PRETORIA — Japan’s dressing room was awash with tears after Tuesday’s 5-3 penalty shootout defeat to Paraguay, but Keisuke Honda insists the team’s second-round exit merely serves as a stark reminder of the gap that separates the Blue Samurai from the world’s leading sides.
“Life goes on and I think that the players that played and the ones that didn’t just did not cut it,” the CSKA Moscow star said. “We might as well have gone out in the first round. It is the same thing as far as I am concerned.
“I wanted to win at all costs today but we lost. If I weren’t Japanese or Paraguayan I would not have even watched this match today. That just about sums it up. If I wasn’t Japanese or Paraguayan I probably wouldn’t have known any of the players on the pitch.”
The outspoken Honda’s comments offered little comfort for shell-shocked Yuichi Komano.
The hardworking fullback was the only Japanese player to miss the target in the shootout, his shot rattling the crossbar before the Paraguayans went on to win courtesy of Oscar Cardozo’s coolly taken effort.
Komano cut a forlorn figure as he walked past waiting reporters in tears, but Yoshito Okubo said he was not the only player hit hard by the defeat and admitted that the whole dressing room had been “in pieces.”
“I was crying myself too. Everyone was in pieces. You can’t single out Komano for blame,” Okubo said. “That is the way it goes when it comes down to penalties.
“We did really well to get this far and we can go back to Japan proud of what we have achieved. There is no need for heads to drop.”
Captain Makoto Hasebe added, “I am happy that I could battle with my teammates and coaching staff at this World Cup and although we couldn’t give all the fans in Japan rooting for us a win today, I think we showed them heart.
“Our strength has been teamwork and I think that is what we have shown at this World Cup. Penalty shootouts come down to luck and it is nobody’s fault that we lost.”
Okada to step down
PRETORIA (Kyodo) Takeshi Okada hinted he was ready to take full responsibility and step down as head coach after watching Japan suffer a heartbreaking 5-3 penalty shootout defeat to Paraguay in the second round of the World Cup on Tuesday.
Japan matched the favored South Americans over a grueling 120-minute contest at Loftus Versfeld Stadium, but the Blue Samurai’s hopes of reaching the quarterfinals for the first time ended when Oscar Cardozo swept home the winning spot kick.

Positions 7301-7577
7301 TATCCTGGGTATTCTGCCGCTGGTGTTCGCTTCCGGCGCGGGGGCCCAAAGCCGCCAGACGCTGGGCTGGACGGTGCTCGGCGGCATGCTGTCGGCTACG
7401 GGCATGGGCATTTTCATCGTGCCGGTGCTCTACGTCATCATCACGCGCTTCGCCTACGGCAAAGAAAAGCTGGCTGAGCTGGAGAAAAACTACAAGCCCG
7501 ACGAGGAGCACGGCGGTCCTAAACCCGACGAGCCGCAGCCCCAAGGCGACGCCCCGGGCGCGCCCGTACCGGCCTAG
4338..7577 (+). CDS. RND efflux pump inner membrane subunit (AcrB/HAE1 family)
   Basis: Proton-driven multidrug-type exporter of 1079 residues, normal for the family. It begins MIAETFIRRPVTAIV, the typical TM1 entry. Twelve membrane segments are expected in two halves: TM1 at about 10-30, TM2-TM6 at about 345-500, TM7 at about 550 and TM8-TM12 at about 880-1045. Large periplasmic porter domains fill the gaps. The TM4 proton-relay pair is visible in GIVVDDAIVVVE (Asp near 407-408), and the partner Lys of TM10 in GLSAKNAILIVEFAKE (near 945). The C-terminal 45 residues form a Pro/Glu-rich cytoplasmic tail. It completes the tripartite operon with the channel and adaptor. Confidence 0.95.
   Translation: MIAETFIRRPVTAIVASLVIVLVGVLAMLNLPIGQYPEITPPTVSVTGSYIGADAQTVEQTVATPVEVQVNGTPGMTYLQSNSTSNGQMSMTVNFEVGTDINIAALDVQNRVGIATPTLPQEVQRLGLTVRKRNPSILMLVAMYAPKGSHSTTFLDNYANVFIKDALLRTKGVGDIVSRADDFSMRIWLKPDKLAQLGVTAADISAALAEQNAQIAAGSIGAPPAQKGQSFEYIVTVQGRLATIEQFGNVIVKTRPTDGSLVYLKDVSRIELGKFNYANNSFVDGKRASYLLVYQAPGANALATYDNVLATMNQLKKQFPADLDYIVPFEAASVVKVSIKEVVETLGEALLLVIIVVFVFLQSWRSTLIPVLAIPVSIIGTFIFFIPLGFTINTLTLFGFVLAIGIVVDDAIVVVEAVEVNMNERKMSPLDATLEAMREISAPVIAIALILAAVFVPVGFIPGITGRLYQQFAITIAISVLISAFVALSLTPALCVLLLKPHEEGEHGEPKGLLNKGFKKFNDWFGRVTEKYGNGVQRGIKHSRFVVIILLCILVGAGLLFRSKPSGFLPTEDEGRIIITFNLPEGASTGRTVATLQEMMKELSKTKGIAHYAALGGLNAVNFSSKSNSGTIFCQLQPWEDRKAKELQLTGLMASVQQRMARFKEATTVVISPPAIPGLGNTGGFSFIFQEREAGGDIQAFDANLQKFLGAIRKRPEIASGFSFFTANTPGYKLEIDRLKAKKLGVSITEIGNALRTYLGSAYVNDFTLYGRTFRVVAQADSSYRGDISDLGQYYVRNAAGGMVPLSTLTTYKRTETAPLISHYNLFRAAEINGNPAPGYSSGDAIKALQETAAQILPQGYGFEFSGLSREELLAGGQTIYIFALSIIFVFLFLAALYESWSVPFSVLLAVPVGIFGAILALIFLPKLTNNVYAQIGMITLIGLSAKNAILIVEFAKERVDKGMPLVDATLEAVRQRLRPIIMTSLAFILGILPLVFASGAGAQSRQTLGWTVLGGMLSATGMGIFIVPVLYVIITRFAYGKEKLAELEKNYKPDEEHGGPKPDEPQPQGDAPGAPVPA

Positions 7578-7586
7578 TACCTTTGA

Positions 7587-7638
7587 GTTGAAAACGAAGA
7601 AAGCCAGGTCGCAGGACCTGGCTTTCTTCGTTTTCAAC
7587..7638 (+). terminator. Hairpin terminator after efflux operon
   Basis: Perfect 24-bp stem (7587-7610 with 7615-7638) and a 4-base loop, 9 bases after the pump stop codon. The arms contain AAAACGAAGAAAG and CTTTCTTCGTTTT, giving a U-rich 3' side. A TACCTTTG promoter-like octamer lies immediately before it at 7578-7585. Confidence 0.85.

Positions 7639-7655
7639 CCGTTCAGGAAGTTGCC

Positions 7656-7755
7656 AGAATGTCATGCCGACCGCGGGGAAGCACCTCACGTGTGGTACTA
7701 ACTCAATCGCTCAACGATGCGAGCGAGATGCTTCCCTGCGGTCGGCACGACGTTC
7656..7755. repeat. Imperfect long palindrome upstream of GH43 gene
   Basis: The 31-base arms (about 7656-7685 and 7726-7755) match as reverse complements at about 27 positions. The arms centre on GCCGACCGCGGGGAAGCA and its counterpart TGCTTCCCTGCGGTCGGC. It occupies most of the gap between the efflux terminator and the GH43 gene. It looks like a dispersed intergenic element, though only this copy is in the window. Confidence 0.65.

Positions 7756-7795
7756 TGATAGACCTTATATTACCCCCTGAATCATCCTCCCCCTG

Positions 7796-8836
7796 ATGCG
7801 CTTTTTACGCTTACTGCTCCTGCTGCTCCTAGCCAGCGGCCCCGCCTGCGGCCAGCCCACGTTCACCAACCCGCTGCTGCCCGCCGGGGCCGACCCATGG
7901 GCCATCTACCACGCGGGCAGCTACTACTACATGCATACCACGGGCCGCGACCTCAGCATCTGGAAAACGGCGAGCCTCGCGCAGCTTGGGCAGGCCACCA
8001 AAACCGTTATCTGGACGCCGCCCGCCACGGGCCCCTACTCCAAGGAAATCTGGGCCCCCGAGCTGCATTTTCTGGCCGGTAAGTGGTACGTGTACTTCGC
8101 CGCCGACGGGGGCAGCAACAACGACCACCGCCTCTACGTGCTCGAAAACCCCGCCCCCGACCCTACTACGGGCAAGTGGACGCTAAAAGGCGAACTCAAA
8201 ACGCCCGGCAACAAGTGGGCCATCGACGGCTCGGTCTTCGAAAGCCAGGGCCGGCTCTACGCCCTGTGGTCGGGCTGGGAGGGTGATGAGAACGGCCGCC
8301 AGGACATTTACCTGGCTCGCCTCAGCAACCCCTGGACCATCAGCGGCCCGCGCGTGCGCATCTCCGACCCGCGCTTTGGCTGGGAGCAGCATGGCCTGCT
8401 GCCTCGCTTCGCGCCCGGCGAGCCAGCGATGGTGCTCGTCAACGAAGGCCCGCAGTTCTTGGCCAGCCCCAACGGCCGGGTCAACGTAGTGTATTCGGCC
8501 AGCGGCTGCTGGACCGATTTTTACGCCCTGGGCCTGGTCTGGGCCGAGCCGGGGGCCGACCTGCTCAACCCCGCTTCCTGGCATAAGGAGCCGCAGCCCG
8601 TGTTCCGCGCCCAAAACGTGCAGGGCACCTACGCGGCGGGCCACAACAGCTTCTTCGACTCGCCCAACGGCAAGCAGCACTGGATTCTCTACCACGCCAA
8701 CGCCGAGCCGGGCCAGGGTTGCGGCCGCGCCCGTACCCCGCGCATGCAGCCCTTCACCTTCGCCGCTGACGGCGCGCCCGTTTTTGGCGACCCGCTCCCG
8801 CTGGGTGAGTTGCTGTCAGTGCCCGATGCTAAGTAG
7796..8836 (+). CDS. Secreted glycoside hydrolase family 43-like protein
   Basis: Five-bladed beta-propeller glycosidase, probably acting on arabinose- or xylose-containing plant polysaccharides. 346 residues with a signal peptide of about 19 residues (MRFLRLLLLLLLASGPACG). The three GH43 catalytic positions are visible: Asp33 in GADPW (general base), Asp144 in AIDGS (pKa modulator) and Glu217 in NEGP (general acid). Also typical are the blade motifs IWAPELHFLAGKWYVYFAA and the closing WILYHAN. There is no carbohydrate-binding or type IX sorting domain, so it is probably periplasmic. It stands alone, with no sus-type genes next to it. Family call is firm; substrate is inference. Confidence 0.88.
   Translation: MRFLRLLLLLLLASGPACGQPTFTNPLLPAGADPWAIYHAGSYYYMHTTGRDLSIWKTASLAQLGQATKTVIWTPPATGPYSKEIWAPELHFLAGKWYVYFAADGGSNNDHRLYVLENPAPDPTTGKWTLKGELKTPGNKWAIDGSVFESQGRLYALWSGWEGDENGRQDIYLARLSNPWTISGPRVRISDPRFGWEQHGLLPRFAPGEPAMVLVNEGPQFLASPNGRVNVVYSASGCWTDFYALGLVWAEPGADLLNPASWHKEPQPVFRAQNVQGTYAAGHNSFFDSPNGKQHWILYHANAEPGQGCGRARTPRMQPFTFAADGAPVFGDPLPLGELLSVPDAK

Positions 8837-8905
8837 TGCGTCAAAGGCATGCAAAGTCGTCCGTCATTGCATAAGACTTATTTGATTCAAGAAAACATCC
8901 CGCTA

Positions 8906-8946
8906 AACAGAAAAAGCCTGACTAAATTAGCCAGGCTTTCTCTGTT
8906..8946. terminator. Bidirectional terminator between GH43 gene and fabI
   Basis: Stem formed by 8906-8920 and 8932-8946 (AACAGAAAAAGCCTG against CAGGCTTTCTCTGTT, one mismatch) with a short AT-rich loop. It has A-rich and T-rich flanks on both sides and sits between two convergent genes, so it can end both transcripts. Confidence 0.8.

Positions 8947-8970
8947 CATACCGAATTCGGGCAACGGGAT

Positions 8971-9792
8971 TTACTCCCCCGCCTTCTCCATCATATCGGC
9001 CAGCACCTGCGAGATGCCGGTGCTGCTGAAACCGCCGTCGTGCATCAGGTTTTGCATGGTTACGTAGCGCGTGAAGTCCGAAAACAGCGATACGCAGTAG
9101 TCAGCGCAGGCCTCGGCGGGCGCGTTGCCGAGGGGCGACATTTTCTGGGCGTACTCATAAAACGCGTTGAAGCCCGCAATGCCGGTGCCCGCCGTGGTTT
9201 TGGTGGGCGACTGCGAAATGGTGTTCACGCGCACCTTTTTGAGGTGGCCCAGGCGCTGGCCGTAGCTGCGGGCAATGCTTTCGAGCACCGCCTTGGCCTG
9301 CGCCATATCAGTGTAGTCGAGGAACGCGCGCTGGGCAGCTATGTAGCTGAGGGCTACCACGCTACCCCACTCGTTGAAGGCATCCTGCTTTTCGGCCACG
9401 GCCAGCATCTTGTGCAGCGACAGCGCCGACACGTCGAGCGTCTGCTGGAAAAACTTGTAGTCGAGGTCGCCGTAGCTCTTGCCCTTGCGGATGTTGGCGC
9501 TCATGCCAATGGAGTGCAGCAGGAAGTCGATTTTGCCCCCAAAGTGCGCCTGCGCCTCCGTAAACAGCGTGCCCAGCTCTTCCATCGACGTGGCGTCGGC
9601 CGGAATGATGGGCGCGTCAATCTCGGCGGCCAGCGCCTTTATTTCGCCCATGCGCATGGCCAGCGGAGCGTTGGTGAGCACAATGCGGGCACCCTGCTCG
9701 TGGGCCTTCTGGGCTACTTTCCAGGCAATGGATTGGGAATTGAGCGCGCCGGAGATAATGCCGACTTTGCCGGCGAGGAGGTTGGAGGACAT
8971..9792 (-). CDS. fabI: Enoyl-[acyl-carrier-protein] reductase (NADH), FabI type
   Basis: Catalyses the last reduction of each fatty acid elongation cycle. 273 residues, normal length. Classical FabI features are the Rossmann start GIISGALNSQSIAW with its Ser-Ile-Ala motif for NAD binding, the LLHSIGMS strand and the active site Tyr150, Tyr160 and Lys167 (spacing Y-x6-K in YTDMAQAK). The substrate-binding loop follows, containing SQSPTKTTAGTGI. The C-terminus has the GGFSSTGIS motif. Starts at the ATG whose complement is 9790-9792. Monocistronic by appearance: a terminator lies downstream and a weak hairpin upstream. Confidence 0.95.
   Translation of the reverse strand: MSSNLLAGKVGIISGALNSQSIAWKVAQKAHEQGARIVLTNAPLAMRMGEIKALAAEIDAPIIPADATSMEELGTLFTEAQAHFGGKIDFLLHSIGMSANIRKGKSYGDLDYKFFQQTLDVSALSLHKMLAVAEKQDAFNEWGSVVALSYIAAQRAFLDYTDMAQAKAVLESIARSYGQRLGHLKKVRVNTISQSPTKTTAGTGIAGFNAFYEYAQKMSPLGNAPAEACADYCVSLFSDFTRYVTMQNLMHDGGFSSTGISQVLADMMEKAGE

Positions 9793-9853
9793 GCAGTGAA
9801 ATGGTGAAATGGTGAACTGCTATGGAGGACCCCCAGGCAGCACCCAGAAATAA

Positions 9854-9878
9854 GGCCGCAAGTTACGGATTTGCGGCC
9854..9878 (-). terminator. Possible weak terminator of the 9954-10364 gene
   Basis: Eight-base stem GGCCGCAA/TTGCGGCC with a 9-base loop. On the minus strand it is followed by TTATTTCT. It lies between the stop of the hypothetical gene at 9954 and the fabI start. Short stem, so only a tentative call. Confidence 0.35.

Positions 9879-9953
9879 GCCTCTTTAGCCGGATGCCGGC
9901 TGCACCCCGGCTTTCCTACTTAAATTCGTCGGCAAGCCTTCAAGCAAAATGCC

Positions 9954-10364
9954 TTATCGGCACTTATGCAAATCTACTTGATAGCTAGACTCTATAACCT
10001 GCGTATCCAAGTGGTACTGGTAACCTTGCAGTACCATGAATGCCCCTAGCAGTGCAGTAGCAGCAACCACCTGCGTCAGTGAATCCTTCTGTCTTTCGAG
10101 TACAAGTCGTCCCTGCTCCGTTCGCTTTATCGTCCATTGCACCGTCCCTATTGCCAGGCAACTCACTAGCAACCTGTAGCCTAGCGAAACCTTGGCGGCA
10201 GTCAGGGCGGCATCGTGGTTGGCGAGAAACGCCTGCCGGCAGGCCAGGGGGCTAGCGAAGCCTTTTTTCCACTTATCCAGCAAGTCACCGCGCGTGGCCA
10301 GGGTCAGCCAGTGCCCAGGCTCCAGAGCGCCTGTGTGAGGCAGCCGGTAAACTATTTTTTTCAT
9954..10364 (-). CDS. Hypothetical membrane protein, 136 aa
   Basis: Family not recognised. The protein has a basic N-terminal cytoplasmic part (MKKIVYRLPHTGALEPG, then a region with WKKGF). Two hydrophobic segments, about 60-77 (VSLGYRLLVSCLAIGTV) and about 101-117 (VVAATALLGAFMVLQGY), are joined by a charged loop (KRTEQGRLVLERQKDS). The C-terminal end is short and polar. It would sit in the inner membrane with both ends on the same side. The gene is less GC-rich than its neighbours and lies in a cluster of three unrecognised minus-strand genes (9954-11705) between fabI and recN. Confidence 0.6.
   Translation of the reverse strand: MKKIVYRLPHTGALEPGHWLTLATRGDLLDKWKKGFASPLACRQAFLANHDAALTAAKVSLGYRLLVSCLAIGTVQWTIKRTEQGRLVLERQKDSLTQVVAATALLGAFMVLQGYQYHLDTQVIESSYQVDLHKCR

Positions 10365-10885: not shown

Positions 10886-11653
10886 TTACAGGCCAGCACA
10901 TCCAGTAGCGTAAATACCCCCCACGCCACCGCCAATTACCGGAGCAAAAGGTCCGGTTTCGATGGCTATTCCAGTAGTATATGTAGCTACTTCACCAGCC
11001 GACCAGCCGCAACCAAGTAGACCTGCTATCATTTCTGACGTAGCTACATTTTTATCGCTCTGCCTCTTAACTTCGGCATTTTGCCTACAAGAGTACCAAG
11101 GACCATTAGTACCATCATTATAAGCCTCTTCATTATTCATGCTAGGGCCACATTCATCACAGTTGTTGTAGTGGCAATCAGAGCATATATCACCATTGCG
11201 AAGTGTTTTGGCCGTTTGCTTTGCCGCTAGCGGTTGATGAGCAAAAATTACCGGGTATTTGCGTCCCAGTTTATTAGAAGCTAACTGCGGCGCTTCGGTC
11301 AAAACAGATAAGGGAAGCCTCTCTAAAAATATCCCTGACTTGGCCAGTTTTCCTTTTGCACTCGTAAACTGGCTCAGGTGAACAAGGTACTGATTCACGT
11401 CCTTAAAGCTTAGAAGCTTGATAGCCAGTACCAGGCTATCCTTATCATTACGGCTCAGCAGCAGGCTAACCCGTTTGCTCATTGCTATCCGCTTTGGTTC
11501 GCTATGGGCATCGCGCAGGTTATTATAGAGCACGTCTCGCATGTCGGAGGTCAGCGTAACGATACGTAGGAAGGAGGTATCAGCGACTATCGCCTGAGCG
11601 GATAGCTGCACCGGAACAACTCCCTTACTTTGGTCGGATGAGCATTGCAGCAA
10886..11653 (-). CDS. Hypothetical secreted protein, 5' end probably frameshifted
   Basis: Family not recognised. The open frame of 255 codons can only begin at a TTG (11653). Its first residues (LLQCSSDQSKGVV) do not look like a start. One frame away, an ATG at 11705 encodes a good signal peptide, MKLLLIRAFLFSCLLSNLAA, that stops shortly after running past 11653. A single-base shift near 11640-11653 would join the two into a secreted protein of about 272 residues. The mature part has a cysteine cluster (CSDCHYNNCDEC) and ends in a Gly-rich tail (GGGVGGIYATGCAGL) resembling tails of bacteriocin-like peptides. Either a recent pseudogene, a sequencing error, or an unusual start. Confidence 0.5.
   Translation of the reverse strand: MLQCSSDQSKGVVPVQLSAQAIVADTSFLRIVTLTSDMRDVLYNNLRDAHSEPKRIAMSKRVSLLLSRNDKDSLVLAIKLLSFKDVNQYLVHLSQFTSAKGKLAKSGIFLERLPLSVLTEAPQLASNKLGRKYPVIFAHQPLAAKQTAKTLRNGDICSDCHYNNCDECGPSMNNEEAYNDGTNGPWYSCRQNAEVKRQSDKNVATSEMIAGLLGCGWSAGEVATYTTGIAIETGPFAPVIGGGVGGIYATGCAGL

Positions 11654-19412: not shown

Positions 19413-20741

“I need to take time to think about it, but I doubt there is anything left for me to do now,” said Okada, who took over the reigns of the national team for a second time in December 2007 after Bosnian coach Ivica Osim was forced to step down after suffering a serious stroke the previous month.
“It is my responsibility. When I look back at what I could have done for the players and what I did as head coach, I should have been more insistent on winning,” said the 53-year-old.
Both sides looked like they were playing for penalties well before the end of normal time but Okada begged to differ.
“All the substitutions I made were to try to press. It is difficult to pinpoint why we couldn’t score. We are not a team that can score a lot of goals.”
Having endured a dismal run of results in the buildup to the tournament, few predicted that Japan would win a single game, let alone advance from a tough Group E that featured European heavyweights the Netherlands, Cameroon and Denmark.
But the Blue Samurai rewrote the script with victories over Cameroon and the Danes and a narrow defeat to the Dutch to advance to the round of 16 for the first time on foreign soil.
Okada, who was at the helm when Japan made its World Cup debut in France in 1998, said he was proud of his players.
“The players made a huge effort and I am proud of them. In terms of how we played I have no regrets at all. This team has made Japan and the whole of Asia proud.”